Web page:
are laws in several juridictions in democracies where a current office-holder cannot run for another office.
Rationale and Advantages
- Campaigning may be time-consuming; campaigners may short-change their jobs while running for another office.
- While campaigning, office-holders may attempt to (inappropriately) use resources from their current office for the campaign. This could include the office-holders' current staff.
- An office-holder who aspires to a greater office may not work as hard in that office as they might if they actually WANTED that office, and may take actions that make them attractive for the position they want.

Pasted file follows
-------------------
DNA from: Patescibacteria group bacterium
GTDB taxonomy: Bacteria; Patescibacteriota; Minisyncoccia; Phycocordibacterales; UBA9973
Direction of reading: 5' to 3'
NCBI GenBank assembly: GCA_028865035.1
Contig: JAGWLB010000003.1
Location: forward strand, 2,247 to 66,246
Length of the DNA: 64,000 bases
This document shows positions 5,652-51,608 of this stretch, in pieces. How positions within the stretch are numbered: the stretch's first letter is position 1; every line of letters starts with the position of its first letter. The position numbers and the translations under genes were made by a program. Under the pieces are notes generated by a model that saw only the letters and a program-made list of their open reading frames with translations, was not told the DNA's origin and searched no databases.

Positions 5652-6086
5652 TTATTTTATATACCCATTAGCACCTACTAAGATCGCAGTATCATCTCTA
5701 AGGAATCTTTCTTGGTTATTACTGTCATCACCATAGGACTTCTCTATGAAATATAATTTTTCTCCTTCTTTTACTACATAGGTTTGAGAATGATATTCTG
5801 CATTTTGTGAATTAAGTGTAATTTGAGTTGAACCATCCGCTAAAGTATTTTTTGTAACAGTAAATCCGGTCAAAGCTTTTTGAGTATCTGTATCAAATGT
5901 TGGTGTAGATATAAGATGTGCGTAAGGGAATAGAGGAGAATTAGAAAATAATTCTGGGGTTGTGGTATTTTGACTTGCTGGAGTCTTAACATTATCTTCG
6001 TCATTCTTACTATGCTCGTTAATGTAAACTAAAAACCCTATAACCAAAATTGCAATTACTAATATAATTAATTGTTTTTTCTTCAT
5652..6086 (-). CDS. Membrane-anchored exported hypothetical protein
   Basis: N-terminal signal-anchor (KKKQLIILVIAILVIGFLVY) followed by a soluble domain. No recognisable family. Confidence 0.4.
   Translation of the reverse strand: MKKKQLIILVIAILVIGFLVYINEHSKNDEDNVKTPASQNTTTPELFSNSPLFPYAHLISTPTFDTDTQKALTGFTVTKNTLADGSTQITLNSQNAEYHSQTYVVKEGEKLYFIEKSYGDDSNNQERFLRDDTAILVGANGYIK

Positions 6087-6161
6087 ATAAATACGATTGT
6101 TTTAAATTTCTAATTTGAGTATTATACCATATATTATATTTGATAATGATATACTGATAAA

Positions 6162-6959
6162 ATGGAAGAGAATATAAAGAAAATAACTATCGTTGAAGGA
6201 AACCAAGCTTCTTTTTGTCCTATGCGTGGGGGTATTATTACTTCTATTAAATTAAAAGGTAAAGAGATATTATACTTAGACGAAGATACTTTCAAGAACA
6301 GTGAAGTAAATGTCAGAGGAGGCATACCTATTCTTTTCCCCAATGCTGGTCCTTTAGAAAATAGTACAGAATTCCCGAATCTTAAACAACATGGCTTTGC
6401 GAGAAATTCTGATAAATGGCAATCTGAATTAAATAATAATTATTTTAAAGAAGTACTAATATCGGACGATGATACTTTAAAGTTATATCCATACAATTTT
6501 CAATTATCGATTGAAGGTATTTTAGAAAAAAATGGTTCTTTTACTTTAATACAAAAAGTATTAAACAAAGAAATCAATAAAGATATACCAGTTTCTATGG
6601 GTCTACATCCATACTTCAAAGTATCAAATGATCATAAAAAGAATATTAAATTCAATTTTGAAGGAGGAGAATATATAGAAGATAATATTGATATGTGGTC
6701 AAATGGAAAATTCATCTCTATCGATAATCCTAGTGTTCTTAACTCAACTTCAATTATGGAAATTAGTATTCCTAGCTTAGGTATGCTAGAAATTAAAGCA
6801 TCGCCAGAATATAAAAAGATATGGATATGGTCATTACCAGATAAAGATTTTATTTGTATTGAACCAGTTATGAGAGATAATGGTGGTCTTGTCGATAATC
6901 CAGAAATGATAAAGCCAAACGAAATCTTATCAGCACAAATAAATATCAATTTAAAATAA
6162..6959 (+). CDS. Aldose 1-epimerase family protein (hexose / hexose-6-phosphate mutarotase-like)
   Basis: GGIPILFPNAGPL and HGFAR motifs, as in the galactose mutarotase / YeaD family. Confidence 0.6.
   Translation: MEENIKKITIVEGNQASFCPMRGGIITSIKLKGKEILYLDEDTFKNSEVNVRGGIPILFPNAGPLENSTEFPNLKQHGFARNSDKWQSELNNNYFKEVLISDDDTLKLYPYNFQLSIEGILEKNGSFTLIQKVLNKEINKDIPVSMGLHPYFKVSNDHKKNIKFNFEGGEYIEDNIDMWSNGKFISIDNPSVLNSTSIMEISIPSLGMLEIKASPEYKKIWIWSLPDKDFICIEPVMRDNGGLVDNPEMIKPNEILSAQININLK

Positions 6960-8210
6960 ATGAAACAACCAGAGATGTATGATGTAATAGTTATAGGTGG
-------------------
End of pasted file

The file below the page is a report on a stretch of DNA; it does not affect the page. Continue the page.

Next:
- Those who aspire to higher office may not take the lower positions in resign-to-run areas, since the positions cannot be "stepping stones" for them.
- Office-holders who do want a higher office must work elsewhere for some amount of time before running, reducing the number of candidates for the higher office.
- Since office-holders often reward their home areas, it is advantageous to have residents of an area in the higher offices. Resign-to-run laws hinder running for those offices.
Section 99.012, Florida Statutes, states,
No officer may qualify as a candidate for another public office, whether state, district, county or municipal, if the terms or any part thereof run concurrently with each other, without resigning from the office he or she presently holds.
In 1978, the state constitution was amended to include resign-to-run.